UK POLITICS: Theresa May Wins Parliament Endorsement For June 8 Snap Election
Prime Minister Theresa May won parliament’s backing for an early election on Wednesday, a vote she said would strengthen her hand in divorce talks with the European Union and help heal divisions in Britain.
May surprised allies and opponents on Tuesday when she announced her plan to bring forward an election that was not due until 2020, saying she needed to avoid a clash of priorities in the sensitive final stages of the two-year Brexit talks.
After addressing a rowdy session of the House of Commons, May won the support of 522 lawmakers in the 650-seat parliament for an election on June 8, an easy victory for the prime minister who could see her majority increase by at least 100 seats in the poll.
“I believe that at this moment of enormous national significance there should be unity here in Westminster, not division,” May told parliament.
“A general election will provide the country with five years of strong and stable leadership to see us through the negotiations and ensure we are able to go on to make a success as a result, and that is crucial.”
The former interior minister, who became prime minister without an election when her predecessor David Cameron quit after last year’s referendum vote for Brexit, enjoys a runaway lead over the main opposition Labour Party in opinion polls.
She has also played up the strength of the British economy, which has so far defied predictions of a slowdown – a key campaign theme that her Conservative Party will use to try to undermine Labour in the election.
A victory would give May a powerful mandate extending until 2022, long enough to cover the Brexit negotiations plus a possible transition period into new trading arrangements with the EU – a prospect that has strengthened the pound.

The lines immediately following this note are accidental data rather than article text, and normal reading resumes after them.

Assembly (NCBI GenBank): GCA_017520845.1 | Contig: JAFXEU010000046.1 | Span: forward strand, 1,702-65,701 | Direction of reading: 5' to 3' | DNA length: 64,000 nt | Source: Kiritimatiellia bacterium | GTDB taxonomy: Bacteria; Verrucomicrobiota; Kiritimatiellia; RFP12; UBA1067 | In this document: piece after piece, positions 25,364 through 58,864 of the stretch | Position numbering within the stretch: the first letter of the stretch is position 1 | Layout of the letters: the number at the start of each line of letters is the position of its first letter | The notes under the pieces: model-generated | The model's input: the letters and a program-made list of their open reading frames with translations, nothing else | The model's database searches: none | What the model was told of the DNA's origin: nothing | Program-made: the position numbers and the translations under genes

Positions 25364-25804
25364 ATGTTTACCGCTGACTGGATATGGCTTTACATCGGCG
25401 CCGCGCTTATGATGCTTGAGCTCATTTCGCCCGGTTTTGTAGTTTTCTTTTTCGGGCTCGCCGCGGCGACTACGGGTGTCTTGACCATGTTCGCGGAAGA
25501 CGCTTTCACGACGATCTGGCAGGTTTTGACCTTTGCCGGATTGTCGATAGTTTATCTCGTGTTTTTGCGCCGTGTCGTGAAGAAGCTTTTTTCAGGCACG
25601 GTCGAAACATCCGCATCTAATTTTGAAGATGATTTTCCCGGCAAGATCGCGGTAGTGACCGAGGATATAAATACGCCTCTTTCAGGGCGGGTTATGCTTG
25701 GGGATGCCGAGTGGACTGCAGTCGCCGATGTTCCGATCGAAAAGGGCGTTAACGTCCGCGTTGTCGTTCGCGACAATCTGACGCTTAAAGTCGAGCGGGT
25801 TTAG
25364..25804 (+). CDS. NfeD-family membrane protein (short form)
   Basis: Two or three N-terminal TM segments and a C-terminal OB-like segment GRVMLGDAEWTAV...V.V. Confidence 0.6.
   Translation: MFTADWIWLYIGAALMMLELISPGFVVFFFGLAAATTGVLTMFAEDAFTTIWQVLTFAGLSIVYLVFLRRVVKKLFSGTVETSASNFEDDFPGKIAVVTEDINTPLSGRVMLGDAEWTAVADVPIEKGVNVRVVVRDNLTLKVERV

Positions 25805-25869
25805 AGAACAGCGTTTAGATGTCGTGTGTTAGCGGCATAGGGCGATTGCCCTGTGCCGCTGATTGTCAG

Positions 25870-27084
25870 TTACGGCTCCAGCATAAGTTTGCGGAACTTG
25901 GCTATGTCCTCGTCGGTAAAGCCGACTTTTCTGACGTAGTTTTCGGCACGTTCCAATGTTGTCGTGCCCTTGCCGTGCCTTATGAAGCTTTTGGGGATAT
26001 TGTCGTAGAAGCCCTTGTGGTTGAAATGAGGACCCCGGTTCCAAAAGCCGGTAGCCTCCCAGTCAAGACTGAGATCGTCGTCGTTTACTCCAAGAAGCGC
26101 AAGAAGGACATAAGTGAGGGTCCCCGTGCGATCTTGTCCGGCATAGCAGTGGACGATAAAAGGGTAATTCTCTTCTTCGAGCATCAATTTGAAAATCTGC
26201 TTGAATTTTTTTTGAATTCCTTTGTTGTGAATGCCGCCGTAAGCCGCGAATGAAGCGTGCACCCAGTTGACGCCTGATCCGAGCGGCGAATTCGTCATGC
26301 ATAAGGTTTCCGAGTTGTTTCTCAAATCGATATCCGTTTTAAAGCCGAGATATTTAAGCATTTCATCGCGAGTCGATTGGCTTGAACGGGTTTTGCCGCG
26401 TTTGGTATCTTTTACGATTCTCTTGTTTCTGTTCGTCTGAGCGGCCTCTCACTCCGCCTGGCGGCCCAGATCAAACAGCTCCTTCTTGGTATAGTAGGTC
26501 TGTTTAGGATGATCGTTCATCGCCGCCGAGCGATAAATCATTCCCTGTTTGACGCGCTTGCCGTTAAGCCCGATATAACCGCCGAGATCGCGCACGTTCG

The Sun, Britain’s top-selling newspaper, splashed the headline “Blue Murder” – a reference to the Conservatives’ colour branding and the prospect of Labour losing dozens of seats.
May formally notified the European Union on March 29 of Britain’s intention to leave, and has said she is confident of reaching a deal on the terms of withdrawal in the two years available.
She said on Tuesday she had “reluctantly” come to the decision to call for an early election because of political division in Westminster, criticising opposition parties for trying to thwart her plans for leaving the EU.
“What do we know that the leader of the Labour Party, the leader of the Liberal Democrats and the leader of the Scottish nationalists have in common?” she asked parliament.
“They want to unite together to divide our country and we will not let them do it.”
But for Scotland’s first minister, Nicola Sturgeon, the move was a “huge political miscalculation” that could help the Scottish National Party’s efforts to hold an independence vote.
“If the SNP wins this election in Scotland and the Tories (Conservatives) don’t, then Theresa May’s attempt to block our mandate to give the people of Scotland a choice over their own future when the time is right will crumble to dust,” said Sturgeon, who heads Scotland’s devolved government.
May, who has described herself as “not a showy politician”, also said she would not take part in television debates before the election, preferring to talk directly to voters.